A former New Jersey coin dealer pleaded guilty Feb. 14 in federal
court to avoiding taxes on more than $400,000 in income derived from
fraudulently obtaining credit cards to purchase bulk quantities of
coin products from the U.S. Mint to “corner the market,” according to a
press release from the U.S. Attorney’s Office.
The dealer, William Dominick, 68, formerly of Old Tappan, N.J., but
now residing in Collier County, Fla., pleaded guilty in Trenton before
U.S. District Judge Anne E. Thompson on one count each of tax evasion
and identity theft.
The count of identity theft to which Dominick pleaded guilty carries
a maximum potential penalty of 15 years in prison. The count of tax
evasion carries a maximum potential penalty of five years in prison.
Both counts also carry a fine of up to $250,000.
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Dominick’s sentencing is scheduled for May 23, 2017.
According to a news release issued from the office of U.S. Attorney
Paul J. Fishman, Dominick owned and operated Westwood Rare Coin out of
his home in Old Tappan. During calendar year 2013, Dominick failed to
report on his individual IRS 1040 form $400,000 in income earned by
Westwood Rare Coin as required by law. Dominick carried out the tax
evasion scheme by using other people’s identities to open credit cards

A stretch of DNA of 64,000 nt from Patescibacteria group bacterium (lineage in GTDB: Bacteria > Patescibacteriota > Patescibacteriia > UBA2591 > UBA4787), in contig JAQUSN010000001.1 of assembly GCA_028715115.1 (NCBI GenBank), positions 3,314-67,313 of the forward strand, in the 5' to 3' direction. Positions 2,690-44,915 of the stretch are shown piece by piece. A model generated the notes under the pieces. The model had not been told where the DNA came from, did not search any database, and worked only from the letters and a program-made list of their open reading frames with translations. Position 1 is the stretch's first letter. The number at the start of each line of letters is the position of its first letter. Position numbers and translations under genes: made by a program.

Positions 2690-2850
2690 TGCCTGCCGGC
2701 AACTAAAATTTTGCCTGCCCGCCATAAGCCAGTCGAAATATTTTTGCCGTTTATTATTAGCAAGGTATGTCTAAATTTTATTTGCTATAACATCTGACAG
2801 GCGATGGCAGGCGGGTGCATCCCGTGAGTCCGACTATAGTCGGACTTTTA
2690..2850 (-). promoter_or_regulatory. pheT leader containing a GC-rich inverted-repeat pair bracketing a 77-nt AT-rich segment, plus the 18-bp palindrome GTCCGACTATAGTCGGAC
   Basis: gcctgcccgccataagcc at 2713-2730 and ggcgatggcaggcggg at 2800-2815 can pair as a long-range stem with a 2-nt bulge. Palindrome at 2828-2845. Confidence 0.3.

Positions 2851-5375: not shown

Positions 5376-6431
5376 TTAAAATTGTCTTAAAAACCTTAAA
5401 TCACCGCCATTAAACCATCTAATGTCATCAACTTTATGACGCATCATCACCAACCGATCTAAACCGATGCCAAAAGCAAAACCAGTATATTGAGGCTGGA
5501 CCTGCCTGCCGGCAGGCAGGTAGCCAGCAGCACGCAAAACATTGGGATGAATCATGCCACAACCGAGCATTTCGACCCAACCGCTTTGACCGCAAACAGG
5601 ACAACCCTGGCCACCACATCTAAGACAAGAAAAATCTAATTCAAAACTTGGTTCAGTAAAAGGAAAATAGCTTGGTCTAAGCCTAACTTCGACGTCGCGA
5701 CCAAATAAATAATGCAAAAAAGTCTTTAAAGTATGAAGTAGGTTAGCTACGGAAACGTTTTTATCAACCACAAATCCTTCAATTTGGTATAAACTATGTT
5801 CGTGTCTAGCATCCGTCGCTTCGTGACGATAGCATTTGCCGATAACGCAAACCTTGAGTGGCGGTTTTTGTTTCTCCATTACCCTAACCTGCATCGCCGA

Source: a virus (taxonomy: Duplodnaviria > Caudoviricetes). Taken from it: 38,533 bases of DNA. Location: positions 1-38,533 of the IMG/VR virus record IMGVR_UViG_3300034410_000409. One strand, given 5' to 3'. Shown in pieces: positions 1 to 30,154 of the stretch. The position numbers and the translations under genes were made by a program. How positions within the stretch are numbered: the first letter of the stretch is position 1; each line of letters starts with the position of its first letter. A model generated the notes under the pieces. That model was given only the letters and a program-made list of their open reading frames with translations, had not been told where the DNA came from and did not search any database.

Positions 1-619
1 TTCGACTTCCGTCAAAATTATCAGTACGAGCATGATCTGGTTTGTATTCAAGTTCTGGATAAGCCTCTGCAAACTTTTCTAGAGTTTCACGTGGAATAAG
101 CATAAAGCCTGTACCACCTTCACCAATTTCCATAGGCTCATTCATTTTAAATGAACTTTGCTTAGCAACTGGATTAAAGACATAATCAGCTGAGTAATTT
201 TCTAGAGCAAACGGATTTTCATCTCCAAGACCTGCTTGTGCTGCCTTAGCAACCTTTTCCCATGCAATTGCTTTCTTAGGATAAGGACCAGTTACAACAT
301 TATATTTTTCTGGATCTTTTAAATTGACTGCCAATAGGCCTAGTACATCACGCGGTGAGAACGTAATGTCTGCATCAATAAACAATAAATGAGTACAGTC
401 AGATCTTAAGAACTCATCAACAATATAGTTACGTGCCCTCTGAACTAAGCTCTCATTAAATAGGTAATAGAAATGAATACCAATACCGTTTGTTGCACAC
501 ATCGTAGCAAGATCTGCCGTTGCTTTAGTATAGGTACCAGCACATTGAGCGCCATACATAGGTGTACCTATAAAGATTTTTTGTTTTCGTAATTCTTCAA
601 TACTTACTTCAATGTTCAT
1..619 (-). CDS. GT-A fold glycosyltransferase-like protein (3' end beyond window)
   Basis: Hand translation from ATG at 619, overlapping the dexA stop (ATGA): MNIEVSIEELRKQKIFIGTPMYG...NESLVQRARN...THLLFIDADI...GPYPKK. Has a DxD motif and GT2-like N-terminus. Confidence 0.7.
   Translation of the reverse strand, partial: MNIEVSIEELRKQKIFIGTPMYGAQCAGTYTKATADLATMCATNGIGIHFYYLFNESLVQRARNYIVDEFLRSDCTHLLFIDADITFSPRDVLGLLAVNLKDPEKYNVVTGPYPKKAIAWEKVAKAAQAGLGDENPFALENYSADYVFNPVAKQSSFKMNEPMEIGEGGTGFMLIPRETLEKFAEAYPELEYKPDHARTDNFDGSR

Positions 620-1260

to purchase bulk quantities of coins from the U.S. Mint in an attempt
to corner the market, according to the news release.
“Dominick then sold those coins through his business, retained the
proceeds for his personal use, and failed to include the proceeds on
the tax return that he signed and filed with the IRS,” according to
the news release.
Under terms of his plea agreement, Dominick will file amended
returns and make full restitution for years 2010 through 2014,
according to the news release.
Fishman credited several people with the investigation leading to
Dominick’s guilty plea: special agents of the FBI, under the direction
of special agent in charge Timothy Gallagher; special agents of
IRS-Criminal Investigation, under the direction of Special Agent in
Charge Jonathan D. Larsen; and inspectors of the U.S. Postal
Inspection Service, under the direction of Postal Inspector in Charge
James V. Buthorn.